As I mentioned in a previous newsletter article, I like to utilize employee surveys toward the end of the year and have these returned prior to people going on their December holiday vacations. The survey results can be instrumental in putting together your thoughts for your kick-off meeting presentation. You will want to utilize the outline of the PowerPoint slides (which I will supply to you below) when formulating your presentation. Once you have a first draft of your thoughts or the PowerPoint slides, I recommend that you meet with your key staff/managers to review your plans and get their input. This will not only help you make sure that you are all in sync when you do the kick-off meeting presentation, but also place them in a better position to support you when any questions or issues are raised by other employees, whether at the meeting or afterwards. It is not necessary to discuss the presentation with all of your attorneys or paralegals prior to your presentation. This presentation should be your view “from the top”, as the leader of the firm. You do not want it to devolve into an out of control group brainstorming session. There will be an opportunity during the kick-off meeting for feedback from members of the firm, but this will occur only in a brief, positive form. It is better to handle any critical or negative feedback afterwards at individual meetings you will hold with each member of the firm.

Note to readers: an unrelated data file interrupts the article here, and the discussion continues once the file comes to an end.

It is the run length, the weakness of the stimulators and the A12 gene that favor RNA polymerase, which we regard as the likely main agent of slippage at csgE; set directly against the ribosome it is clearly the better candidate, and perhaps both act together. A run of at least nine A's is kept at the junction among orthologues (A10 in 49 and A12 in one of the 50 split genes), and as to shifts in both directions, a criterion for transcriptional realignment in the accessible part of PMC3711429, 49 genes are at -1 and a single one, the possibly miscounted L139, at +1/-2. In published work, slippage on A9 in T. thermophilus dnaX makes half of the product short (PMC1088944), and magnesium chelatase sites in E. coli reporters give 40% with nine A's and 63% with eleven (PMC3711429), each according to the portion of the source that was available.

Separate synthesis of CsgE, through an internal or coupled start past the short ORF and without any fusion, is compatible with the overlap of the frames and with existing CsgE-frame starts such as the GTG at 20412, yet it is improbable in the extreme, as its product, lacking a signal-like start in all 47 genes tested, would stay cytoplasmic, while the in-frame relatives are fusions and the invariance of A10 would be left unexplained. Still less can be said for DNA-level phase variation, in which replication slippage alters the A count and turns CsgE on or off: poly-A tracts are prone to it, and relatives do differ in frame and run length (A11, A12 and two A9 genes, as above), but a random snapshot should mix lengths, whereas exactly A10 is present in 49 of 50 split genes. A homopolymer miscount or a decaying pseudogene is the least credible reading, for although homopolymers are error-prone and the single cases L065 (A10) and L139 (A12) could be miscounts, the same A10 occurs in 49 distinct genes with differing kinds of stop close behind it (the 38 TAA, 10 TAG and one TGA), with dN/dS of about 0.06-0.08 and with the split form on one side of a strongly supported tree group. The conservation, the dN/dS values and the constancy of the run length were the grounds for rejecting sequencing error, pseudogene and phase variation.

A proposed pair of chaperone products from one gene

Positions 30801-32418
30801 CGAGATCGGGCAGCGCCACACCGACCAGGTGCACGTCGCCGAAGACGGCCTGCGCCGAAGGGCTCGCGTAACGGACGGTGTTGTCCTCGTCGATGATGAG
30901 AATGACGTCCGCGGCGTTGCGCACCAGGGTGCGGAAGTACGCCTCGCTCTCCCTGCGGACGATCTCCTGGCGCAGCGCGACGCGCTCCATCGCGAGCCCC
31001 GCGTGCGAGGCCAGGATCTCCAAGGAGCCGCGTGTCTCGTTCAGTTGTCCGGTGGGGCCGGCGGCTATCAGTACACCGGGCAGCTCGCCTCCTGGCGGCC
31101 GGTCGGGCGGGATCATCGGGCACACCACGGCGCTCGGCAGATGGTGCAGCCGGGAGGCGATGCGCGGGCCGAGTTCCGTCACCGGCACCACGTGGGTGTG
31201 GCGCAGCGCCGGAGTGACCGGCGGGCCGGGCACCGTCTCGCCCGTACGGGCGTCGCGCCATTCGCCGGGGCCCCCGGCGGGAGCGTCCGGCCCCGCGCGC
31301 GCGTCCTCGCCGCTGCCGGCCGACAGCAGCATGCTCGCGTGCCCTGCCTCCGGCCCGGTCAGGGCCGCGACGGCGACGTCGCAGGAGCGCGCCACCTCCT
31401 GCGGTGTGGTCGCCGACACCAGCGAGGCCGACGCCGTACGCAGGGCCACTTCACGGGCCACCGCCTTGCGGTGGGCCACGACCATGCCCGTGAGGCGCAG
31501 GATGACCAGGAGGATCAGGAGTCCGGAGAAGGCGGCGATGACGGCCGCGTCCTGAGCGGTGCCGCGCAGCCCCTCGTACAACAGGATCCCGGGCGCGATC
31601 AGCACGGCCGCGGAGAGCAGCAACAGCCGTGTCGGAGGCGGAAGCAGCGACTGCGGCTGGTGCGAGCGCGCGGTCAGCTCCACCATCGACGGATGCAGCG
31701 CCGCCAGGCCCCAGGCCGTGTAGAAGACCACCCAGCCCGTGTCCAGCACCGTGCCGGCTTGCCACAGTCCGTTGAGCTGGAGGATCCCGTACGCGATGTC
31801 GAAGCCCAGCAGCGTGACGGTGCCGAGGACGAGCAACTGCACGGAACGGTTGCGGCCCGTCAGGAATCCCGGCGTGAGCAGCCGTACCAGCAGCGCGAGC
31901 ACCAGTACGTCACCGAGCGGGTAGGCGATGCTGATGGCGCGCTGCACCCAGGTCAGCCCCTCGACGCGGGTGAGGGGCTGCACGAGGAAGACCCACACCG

On the day of a kick-off meeting, we typically bring in a nice meal from a local restaurant. This is coordinated by the office manager and staff is encouraged to find a restaurant, distribute the menu throughout the firm, have people make their order and have it delivered about ten minutes before the start of the meeting. On the day of the kick-off meeting, I usually give everyone about 15 to 20 minutes to eat and socialize among one another. This also gives those who might arrive late a chance to get seated before I begin the presentation, such as an attorney who may have had a client meeting run over a little bit.
Then, the presentation is done utilizing PowerPoint slides and a projector and it is intended to go about 30-45 minutes. A short Q&A or discussion period is built into the presentation, as you will see.
Step #3: Prepare an Outline of Your Firm Kick-Off Meeting Presentation
I am providing a “template” of PowerPoint slides that you may use to help you prepare for your kick-off meeting. Click here to download this template that I have successfully used, year after year.
Below is a general guide about what is covered, which will follow the template provided to you.